This week, I found a gem.
|Photo from Take Root’s site of survivor’s holding their own posters.|
I found my tribe at the Take Root site. As a stolen child who later had her own children stolen, these virtual friends were speaking my language. There, the now-adult victims write about their loss of a parent, and the challenges they faced when they were returned to their lost family.
Especially touching was a vignette by a man named Sam M.
Imagine this: You were told that your mother is dead. you’ve lived for years without her in your life. One day someone takes you from your father and puts you in an unfamiliar place and this woman walks in. She looks uncannily like what you remember of your mother but she is older… and your mother is dead.
My youngest daughter was told I had died by her father when he snatched she and her sister and fled to Greece. When I found her two years later, she looked like she had seen a ghost. I didn’t understand. I thought she should be overjoyed to see me, and I was crushed.
As a parent who recovered stolen children, there were a lot of things I’d wished I’d have known back in the day. Here are a few of the highlights I gleaned from Take Root’s members.
1) Recovering children from an abducting parent feels to the child like a second abduction.
They lose their parent, their toys, their friends, their routine, all without warning. Again. So their joy about being reunited with their parent is quite naturally overshadowed.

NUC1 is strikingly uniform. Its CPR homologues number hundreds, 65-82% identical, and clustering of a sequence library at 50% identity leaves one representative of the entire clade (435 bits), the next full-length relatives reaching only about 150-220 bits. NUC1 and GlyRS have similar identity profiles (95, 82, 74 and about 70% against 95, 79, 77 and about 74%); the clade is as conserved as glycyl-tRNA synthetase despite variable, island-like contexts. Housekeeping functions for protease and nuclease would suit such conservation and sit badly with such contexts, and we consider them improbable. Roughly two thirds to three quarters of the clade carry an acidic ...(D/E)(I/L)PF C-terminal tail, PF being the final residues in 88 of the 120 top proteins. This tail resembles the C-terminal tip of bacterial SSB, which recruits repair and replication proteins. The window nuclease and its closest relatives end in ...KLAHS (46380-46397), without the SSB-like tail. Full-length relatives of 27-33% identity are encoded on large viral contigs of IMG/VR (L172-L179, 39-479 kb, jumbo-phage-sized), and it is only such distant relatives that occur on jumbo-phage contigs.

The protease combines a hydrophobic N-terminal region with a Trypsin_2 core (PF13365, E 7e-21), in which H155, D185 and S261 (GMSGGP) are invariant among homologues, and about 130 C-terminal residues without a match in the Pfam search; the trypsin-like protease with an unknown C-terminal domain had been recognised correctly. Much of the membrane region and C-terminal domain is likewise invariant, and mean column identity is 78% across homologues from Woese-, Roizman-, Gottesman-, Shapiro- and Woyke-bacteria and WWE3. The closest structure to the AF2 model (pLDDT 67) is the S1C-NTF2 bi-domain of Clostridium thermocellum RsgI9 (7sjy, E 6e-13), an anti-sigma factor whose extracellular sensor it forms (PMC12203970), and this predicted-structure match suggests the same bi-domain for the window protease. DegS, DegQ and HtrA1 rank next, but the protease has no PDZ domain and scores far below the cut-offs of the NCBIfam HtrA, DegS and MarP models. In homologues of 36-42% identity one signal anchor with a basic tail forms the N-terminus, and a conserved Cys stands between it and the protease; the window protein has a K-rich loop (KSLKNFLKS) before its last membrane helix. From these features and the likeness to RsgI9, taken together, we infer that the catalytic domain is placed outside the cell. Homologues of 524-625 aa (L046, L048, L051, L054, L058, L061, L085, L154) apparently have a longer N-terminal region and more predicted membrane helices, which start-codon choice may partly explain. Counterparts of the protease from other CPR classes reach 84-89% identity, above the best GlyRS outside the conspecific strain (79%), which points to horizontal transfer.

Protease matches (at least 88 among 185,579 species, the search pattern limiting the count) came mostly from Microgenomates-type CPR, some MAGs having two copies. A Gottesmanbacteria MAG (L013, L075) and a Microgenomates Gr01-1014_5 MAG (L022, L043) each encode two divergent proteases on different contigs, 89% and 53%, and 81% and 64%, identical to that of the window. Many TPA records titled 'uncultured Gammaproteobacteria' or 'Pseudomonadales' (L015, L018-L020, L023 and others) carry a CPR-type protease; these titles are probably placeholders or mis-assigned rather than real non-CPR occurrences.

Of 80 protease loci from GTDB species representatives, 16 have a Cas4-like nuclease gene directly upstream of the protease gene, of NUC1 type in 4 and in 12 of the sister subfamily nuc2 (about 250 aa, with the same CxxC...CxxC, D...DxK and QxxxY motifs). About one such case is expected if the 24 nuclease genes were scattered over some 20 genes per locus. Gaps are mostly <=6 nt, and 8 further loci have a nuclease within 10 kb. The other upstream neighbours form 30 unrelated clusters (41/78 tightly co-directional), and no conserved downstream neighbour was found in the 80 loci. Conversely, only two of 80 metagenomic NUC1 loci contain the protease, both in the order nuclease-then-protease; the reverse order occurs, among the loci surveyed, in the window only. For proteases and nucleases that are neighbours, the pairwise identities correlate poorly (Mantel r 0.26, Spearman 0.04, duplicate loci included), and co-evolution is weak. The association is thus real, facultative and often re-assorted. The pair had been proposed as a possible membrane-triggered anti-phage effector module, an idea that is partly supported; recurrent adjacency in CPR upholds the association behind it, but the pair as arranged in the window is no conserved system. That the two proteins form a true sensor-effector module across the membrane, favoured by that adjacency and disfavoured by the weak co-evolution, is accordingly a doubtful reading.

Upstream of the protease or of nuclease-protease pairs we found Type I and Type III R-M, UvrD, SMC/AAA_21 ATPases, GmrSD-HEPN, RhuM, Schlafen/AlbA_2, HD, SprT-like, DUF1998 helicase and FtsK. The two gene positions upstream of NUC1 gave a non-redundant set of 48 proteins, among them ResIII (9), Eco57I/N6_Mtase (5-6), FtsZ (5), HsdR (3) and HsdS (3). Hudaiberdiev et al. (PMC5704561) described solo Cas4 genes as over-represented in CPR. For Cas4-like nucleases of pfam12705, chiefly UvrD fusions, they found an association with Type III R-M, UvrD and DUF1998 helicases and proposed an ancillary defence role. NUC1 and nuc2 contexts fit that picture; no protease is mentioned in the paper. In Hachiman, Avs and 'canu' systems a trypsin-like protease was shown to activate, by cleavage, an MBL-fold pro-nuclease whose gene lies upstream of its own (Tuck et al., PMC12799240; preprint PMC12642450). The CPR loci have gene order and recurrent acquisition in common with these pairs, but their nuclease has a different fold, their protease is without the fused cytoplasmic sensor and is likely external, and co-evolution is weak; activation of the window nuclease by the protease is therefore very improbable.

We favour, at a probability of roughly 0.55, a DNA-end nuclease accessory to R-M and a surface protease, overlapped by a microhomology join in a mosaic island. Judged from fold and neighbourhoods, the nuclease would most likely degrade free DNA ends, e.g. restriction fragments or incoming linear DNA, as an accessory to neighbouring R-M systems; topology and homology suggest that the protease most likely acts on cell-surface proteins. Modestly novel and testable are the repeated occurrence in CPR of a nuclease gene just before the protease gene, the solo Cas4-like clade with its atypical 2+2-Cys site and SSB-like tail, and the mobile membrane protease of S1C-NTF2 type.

2) The lying a child was forced to employ to survive a parental kidnapping does not magically cease when the child is found.
Think about it. A stolen child has to lie to teachers, to neighbors, to law enforcement, and to new friends in order to start a life without drawing attention to their circumstances, angering their abductor.
Had I known what to expect, I’d like to think I wouldn’t have been so angered when dealing with what I thought was gratuitous untruths. My poor girls.
3) Minimizing the impact of a parental abduction on the victim only makes he/she feel worse about their suffering.
People mean well. But when they say things about my girls’ kidnapping like, “Oh, it was your dad? Aren’t you glad it wasn’t a stranger?” it tends to make my daughters feel like they’re big babies for not being over it.
In truth, when one person a child loves and trusts takes them away from the other parent the child loves and trusts, the impact is life-long. It’s an unexpected betrayal of trust.
It’s fabulous to have a clearinghouse of information from abduction victims to know what to expect.
This year, more than 1,000 children a day in the US will be victims of a parental child abduction.
Finally, there’s a place for left-behind parents, friends, extended family and teachers to hear what all the struggle to reintegrate will entail.